The Hill: Influential tribe set to play key role in N.C. election.
The Associated Press: At rally, Trump paints bleak picture of Democratic control.
The New York Times: Moderate Democrats fared best in 2018. One gets another chance today.
LEADING THE DAY
CONGRESS: Congress made its long-awaited return to Washington on Monday, with open questions surrounding what could be done to reduce gun violence in the wake of three mass shootings since the beginning of August.
More than any, the answer to one question remains elusive as the conversation heats up on the topic: What will the president support?
As Jordain Carney writes, just over a week after the shooting in West Texas and over a month since those in El Paso, Texas, and Dayton, Ohio, the president is facing a make-or-break moment on gun reforms. Lawmakers, who say they are still in the dark about what the president would sign, are calling on him to provide “guidelines” for potential legislation. On Sunday, Sen. Roy Blunt (R-Mo.) did just that, saying the president needs to “step up” and create guidelines for lawmakers to follow.
“The president needs to step up here and set some guidelines for what he would do,” Blunt told “Meet The Press.” “I’m afraid what’s going to happen here is what always happens, is we take this silly ‘if we don’t get everything, we won’t do anything.’”
Since the shootings in early August, Trump has consistently sent mixed signals about what he could back, having said on a number of occasions — including in discussions with Sen. Chris Murphy (D-Conn.) — that he wants to look at expanded background checks but then backing off and arguing that mental illness is the main issue to tackle. Murphy said in a statement on Monday that while he continues to negotiate, “time is running short” to strike a deal on background checks, adding that it’s more likely that nothing will get done on the issue the way things are moving at this point.
“I think time is running short to find a compromise on background checks. I’m still negotiating in good faith to find a bipartisan proposal that will expand checks to cover more commercial sales and save lives, and I continue to take the president at his word that he wants the same thing,” Murphy said. “But as each day goes by, it seems more likely that we’re going to find ourselves back in a familiar place where 90 percent of the Americans who want more background checks are going to be disappointed once again.”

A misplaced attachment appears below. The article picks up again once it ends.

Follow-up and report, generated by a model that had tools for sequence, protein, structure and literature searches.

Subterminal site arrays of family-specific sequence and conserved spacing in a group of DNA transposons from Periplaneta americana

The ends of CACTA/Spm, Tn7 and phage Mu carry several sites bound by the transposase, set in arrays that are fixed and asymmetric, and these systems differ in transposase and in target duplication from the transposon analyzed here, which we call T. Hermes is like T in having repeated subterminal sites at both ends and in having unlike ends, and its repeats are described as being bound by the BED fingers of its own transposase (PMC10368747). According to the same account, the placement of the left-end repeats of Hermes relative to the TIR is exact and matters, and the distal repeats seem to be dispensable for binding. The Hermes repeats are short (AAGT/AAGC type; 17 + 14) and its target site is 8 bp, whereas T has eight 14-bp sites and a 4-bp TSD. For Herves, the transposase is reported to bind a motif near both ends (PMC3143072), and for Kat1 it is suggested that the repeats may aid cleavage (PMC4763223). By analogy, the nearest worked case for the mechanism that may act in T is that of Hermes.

Nevertheless, supporters need him on their side to strike a deal. Senate Republicans, under pressure to act on some gun control measures, say they don’t want to move forward without political cover from Trump, as they want to keep support from their base strong ahead of the 2020 election, as Alexander Bolton reports.
Trump’s lack of clarity has made life difficult for vulnerable Republicans, giving mixed signals as to where he might go on the issue and leaving them stalling for time as they try to figure out where the president will ultimately end up.
> Impeachment: House Judiciary Committee Democrats have expanded their already sprawling investigation into Russian interference to include new areas of inquiry, as the panel weighs whether to introduce articles of impeachment against the president.
In addition to Democrats examining possible episodes of obstruction as laid out in former special counsel Robert Mueller’s report, House Judiciary Committee Chairman Jerrold Nadler (D-N.Y.) has announced in recent days that the panel will also examine payments made to two women claiming they had affairs with Trump, reports the president dangled pardons to border officials, and whether the president has profited from government trips in which administration and Air Force officials used taxpayer dollars to stay at his family-owned properties.